Pouring Oil On Troubled Waters
The wind died down and there was a great calm. Mark 4: 39
We know nothing of Aidan’s childhood, but we may assume that his faith was built up with stories of fellow Irish people who had wrought great things by prayer. One of these was Mac Nissi of Connor, who passed into heaven on 3 September about 510. As a result of his intercessions a woman who had been infertile for fifteen years was able to give birth to a child. Aidan certainly learned to have faith for all sorts of situations.
A delegation from Lindisfarne had to travel far south by boat, and bring back Princess Eanflaed who was to become Queen to Northumbria’s King. Its leader, Utta, begged Aidan to pray for their safe keeping during this hazardous and significant journey. As he was praying for them God revealed things to Aidan. He gave them a jar of blessed oil to take with them, and told them that they would encounter storms, but that the winds would drop as soon as they poured the oil on the troubled waters.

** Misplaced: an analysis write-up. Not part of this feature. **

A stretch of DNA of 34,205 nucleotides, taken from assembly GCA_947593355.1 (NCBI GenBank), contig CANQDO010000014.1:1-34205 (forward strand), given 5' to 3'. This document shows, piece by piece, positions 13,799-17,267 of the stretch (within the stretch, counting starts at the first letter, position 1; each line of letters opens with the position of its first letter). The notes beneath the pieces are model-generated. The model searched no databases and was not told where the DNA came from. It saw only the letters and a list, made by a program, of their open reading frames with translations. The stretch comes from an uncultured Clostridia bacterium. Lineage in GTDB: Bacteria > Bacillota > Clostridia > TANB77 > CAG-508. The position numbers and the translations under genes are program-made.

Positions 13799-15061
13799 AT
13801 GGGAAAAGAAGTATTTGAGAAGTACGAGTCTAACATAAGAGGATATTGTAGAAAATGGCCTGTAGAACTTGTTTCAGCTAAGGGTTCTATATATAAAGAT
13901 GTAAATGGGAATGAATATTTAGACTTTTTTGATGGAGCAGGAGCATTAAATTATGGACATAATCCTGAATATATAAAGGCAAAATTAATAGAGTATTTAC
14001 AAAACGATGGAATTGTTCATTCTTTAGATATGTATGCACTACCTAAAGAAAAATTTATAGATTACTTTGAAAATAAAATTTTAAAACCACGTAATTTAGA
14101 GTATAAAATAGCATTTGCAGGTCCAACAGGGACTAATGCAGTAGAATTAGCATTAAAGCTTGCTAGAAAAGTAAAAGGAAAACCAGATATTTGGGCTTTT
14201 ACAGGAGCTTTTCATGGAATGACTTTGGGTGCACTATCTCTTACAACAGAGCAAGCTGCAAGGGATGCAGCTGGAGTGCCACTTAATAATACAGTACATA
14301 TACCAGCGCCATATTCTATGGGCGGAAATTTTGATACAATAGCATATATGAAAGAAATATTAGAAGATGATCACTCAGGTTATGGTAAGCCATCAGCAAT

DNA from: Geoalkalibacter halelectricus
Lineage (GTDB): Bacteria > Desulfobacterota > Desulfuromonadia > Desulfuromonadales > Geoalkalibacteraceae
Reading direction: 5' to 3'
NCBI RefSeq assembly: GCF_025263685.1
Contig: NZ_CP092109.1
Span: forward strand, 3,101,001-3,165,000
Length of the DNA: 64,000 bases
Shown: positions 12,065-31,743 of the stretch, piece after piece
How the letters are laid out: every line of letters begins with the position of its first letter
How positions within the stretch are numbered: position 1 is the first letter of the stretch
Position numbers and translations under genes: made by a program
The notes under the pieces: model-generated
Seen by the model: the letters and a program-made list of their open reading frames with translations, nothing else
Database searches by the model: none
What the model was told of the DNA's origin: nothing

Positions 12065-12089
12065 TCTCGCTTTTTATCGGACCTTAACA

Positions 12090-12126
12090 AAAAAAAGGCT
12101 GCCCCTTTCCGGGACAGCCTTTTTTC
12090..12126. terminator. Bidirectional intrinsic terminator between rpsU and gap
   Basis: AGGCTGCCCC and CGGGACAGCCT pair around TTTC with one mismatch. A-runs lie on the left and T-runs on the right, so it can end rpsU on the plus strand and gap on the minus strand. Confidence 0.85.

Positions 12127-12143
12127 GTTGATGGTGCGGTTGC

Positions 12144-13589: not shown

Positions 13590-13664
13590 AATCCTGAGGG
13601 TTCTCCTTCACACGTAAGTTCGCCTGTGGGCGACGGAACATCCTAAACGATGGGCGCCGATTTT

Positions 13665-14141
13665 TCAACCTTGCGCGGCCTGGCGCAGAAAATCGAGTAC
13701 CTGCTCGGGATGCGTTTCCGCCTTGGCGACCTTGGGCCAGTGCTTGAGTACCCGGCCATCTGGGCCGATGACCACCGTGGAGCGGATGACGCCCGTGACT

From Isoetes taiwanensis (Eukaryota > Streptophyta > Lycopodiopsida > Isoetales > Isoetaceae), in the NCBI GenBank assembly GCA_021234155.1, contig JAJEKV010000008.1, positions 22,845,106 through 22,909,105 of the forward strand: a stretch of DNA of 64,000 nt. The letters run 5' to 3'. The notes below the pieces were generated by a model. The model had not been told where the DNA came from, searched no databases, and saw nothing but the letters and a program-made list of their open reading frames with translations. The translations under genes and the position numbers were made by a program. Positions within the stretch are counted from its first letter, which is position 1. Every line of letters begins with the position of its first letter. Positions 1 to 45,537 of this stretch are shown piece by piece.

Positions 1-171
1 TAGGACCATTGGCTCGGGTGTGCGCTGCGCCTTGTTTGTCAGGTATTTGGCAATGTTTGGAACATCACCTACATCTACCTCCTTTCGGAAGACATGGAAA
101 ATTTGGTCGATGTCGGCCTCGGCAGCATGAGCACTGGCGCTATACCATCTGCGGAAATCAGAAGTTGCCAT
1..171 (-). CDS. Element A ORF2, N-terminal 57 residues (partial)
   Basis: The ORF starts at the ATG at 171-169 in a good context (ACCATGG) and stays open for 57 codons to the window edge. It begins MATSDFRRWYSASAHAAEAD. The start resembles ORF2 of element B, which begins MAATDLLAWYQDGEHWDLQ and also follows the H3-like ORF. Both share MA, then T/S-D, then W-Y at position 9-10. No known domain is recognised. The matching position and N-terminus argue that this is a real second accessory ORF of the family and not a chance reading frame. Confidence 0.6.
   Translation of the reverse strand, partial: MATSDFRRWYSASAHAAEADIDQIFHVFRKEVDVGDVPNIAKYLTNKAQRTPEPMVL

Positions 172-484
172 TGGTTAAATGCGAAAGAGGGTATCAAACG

The crew forgot about this. A storm did blow up, so fierce that the boat began to sink and they thought they would perish. Only then did someone remember Aidan’s words and the oil. They poured the oil over the surrounding waves, and the wind immediately receded.
This is an example of prophetic prayer, whereby a person foresees trouble for others, and is guided by God to give them direction. It is also the origin of the well-known phrase ‘pouring oil on troubled waters’. Why not pray for people you know who seem about to be engulfed in a sea of troubles? You never know, God may give you a word to pass on to them that proves to be as calming as Aidan’s oil.
Protecting Father, stalwart Steersman, guiding Spirit
I pray for friends in a sea of troubles
I pray for households in a sea of troubles
I pray for work places in a sea of troubles
I pray for communities in a sea of troubles.
May your inspiration flow to them
and come to them like oil on troubled waters.